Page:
9/01/17- Post- production

 During this week, we carried on with the editing making sure we were happy with everything and corrected any mistakes that were there and then added any bits that we needed to, for example a title to our Film Noir, “Down In The Dumps” and just adding credits to the end

 16/01/17- Post- production

 Once the editing was all finished and we were happy with it, we double-checked everything to make sure it was all in the correct order and all paperwork for the assignment was completed.

23/01/17 – Deadline

On the last day for the assignment I went through all my wordpress and made sure that everything was on there that needed to be there and transported out trailer onto the hardrive.

L3 Games Design: 3D Animation – Research and Development

Treatment – The project name that I came up with for this assignment was “Penny” For this task I will creating a short animation of 15-20 seconds long for a leading stationary provider. This animation will be any stationary equipment of my choosing. For my animation I have chosen to create a pen that will jump into a stationary pot via an eraser. The pen will start of on its side and then slide its way into the eraser, using the eraser to to stand up straight. The pen will then jump up and down, side to side to show happiness in the animation. The pen will then jump onto the eraser and use it like it was a trampoline and get as much height as it can to jump into the stationary pot. When the pen interacts with the rubber, the rubber will have a jelly like movement that will create the realistic effect of what a rubber would look like if something interacted with it.

The target audience that would choose to look at my 3D animation would be any company the provides stationary or possibly people who work in offices. Therefore the age range that would be looking at this animation could be from 25 years old and onwards.

During my animation there are no visual elements apart from the props, a pen, rubber and pen pot. In my animation I could use a light source just to clearly show what is happening and to make the scene a lot brighter for the audience to see. If I was to create a real 30 second animation for a leading stationary company in reality, for example WHSmith, I would have a certain budget that I would use for the animation. Some animations that are only 30 seconds long can be very expensive, maybe looking into the thousands but it all depends on how many materials are used within the animation and how much time it would take.

Diary – 

Week 1 – Research – Pixar Short film

Week 2 – Research – Different stationary objects I could use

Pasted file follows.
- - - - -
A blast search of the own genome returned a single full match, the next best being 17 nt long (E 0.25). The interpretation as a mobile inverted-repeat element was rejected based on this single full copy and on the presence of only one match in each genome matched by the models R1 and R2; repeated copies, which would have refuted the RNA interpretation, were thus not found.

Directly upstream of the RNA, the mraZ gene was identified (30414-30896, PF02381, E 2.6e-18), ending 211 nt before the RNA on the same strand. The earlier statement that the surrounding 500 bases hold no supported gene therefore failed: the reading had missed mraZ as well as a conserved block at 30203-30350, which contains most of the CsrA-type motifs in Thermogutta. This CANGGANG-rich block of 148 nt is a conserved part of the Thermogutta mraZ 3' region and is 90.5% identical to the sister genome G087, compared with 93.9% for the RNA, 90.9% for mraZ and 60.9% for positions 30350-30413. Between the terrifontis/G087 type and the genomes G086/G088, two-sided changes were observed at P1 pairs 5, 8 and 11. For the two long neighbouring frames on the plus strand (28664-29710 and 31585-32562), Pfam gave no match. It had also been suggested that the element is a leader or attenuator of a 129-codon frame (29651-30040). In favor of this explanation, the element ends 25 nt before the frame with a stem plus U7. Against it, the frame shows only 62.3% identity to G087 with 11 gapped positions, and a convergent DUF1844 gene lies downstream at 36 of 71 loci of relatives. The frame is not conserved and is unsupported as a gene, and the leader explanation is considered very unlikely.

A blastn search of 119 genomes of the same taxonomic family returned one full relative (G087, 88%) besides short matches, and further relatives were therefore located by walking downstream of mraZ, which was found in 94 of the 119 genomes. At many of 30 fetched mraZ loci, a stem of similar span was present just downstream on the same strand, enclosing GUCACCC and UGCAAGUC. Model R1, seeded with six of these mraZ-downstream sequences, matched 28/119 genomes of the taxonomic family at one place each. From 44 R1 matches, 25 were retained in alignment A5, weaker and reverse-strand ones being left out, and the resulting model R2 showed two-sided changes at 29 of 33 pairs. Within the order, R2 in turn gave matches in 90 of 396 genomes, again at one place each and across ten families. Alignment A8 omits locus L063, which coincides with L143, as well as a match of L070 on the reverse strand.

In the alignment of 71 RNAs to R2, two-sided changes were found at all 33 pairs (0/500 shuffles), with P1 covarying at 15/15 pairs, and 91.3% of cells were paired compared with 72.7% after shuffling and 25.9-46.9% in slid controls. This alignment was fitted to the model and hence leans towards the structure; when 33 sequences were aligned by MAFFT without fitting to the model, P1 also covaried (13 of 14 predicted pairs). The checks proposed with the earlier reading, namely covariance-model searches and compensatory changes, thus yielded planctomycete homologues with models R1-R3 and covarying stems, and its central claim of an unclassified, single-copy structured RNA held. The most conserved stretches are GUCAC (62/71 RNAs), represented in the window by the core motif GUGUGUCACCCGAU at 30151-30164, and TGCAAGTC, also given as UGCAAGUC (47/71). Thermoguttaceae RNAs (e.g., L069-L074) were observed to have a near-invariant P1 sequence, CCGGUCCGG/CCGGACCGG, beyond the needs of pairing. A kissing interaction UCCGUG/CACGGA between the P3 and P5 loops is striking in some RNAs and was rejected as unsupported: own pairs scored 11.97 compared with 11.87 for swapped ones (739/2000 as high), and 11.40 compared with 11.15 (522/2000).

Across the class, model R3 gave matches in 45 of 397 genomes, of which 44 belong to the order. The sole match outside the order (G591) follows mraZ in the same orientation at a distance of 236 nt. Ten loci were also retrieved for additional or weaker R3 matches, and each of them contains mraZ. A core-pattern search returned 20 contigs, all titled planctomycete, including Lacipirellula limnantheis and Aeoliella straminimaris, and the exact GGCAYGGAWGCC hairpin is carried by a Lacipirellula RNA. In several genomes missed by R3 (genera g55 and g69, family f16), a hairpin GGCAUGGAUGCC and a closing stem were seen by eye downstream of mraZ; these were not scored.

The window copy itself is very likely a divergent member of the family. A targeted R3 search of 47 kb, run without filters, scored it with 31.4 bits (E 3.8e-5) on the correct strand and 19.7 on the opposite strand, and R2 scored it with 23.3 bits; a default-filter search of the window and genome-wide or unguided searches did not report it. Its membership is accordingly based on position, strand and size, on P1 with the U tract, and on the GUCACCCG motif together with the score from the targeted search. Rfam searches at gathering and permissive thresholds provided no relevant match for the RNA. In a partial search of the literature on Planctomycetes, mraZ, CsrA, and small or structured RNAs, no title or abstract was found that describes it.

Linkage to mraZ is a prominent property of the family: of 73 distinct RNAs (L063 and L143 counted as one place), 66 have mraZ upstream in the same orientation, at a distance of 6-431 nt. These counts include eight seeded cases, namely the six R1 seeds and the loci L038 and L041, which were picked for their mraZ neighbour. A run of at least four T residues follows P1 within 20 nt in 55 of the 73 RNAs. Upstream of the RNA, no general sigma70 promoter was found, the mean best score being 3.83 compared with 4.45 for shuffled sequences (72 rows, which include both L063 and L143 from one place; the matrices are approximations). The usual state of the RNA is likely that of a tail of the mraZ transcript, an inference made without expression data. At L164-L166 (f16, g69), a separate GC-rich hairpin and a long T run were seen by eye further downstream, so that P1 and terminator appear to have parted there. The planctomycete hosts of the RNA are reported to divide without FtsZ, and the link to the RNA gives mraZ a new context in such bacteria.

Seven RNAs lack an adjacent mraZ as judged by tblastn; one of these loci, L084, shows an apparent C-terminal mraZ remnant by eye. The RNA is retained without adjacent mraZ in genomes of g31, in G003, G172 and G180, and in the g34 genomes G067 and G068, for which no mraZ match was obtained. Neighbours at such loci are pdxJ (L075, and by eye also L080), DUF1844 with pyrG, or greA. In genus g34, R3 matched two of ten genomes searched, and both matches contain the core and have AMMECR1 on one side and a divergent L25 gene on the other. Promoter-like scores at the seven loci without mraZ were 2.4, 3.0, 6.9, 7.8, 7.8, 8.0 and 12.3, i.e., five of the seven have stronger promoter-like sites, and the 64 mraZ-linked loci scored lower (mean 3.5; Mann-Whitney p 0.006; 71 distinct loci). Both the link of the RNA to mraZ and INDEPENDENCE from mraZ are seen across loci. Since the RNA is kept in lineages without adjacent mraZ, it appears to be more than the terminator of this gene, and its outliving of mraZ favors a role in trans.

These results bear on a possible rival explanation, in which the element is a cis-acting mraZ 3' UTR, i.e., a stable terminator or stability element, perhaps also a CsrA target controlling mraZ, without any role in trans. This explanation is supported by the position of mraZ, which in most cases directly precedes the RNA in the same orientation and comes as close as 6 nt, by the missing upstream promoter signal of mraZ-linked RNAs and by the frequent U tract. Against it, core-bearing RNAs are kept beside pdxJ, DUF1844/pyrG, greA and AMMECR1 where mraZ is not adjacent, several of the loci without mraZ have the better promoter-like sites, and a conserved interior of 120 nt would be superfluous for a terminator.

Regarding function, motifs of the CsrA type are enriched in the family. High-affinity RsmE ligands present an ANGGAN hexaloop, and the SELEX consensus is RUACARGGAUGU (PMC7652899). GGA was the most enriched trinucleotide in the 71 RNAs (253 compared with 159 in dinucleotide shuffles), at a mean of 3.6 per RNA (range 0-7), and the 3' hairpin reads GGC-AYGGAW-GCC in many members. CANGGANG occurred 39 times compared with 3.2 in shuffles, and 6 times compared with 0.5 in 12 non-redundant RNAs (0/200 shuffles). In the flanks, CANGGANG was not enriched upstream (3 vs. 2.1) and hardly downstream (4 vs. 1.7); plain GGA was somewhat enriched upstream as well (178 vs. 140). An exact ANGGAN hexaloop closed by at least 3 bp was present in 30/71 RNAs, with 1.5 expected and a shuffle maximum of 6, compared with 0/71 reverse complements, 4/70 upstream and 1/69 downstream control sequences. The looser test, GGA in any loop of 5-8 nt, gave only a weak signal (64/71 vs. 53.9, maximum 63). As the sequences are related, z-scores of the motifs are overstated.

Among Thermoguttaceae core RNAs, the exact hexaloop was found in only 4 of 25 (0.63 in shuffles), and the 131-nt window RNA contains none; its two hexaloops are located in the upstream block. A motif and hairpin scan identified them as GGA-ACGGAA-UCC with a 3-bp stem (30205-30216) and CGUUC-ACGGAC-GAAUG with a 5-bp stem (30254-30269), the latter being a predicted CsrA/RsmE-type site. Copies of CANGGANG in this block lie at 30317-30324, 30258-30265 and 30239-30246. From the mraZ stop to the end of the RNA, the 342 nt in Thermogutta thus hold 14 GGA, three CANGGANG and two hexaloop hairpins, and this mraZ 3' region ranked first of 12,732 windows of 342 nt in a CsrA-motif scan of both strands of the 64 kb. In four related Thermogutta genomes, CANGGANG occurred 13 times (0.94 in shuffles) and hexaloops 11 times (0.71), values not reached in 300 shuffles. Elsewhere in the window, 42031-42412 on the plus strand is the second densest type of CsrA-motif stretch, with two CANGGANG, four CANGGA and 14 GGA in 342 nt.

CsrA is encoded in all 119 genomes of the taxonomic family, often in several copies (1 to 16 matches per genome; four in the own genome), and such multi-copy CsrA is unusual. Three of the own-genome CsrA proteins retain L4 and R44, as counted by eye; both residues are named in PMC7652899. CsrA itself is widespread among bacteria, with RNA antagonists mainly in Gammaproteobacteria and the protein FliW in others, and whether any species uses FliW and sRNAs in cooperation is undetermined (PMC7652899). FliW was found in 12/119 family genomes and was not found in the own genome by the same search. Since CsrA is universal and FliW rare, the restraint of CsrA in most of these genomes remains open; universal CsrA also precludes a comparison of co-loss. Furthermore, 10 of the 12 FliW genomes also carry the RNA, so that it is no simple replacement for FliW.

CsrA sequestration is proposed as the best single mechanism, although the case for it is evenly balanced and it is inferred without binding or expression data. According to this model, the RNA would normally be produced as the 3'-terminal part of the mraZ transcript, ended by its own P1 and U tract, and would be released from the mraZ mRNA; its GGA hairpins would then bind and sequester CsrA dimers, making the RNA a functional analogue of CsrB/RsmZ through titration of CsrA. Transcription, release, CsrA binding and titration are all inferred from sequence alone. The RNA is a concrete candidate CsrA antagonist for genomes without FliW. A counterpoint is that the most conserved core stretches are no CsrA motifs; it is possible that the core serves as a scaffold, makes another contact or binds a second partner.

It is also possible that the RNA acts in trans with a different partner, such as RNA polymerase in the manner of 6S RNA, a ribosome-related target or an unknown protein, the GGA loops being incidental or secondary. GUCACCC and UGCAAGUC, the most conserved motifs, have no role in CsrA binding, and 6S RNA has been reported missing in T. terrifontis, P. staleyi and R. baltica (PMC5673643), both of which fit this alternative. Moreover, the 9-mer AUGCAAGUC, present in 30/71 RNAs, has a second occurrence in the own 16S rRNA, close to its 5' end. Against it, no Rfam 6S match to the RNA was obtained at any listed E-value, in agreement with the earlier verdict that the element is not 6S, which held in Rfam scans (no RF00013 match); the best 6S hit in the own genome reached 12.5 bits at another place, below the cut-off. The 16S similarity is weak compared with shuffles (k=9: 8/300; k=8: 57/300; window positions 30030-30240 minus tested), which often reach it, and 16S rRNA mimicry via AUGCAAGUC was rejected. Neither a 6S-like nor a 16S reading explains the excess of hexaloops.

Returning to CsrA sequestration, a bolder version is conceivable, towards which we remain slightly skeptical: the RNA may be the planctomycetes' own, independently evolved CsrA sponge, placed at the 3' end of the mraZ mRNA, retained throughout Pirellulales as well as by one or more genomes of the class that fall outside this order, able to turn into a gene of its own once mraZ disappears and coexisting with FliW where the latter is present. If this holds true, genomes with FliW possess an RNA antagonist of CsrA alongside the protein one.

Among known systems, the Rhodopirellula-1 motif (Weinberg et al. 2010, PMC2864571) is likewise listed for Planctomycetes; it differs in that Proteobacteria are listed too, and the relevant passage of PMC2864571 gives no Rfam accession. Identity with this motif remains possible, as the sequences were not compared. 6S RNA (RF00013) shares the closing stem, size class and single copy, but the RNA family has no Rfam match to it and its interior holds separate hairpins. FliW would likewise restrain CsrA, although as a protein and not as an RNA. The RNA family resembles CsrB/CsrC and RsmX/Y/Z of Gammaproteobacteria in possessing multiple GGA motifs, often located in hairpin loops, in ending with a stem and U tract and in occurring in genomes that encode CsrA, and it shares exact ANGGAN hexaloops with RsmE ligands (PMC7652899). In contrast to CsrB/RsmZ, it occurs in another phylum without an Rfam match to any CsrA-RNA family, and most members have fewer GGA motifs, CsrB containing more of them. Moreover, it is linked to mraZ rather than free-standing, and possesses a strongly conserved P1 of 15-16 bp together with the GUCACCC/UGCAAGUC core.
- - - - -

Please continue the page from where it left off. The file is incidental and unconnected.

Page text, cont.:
Week 3 – Development – Creating sketches and Treatment

Week 4 – Development and Editing – Creating a storyboard and starting the animation

Week 5 – Editing – Continue and finish the animation

Week 6 – Deadline – Checking all work, finishing any work that needs to be done, rendering my animation.

I created these two videos at the start of the assignment to show different emotions a character can do, the first video is of me acting sad and the second videos is of me showing no emotion, neither happy or sad. These two videos give me different ideas of how emotion is shown in a character and helps me know how I can translate that into stationary.

These two videos are two ideas that I had for my 3D animation. The first object was a pair of scissors that would move from side to side and the second video is of a stapler using its top part to hop around. Each of these videos have there own unique style to them and shows how different types of stationary can be used in different ways in animation.

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These images here show my sketches and storyboard for my ideas for the animation. I decided to go for an animation of a pen because it has a bit more character to the animation and thought that it would be a bit more easier to show emotion through the object rather than a pair of scissors or a stapler. My idea first started out as a pen hoping around to show happiness, but then I developed it into something further by using the stationary pot. The pen would start of on its side and roll towards the pot and jump straight into it, but for me it didn’t look right because the jump looked a bit too big. At this point I had to think about what I could use to make the animation more realistic but I also wanted to stick to using stationary objects, therefore that is why I used an eraser to act as a sort of trampoline to bounce the pen into the stationary pot.

L3 Games Design: 3D Animation – Final

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This shows my final animation that was rendered in After Effects, plus all the screenshots for the process of how I created each individual part of the 3D animation I made in Maya.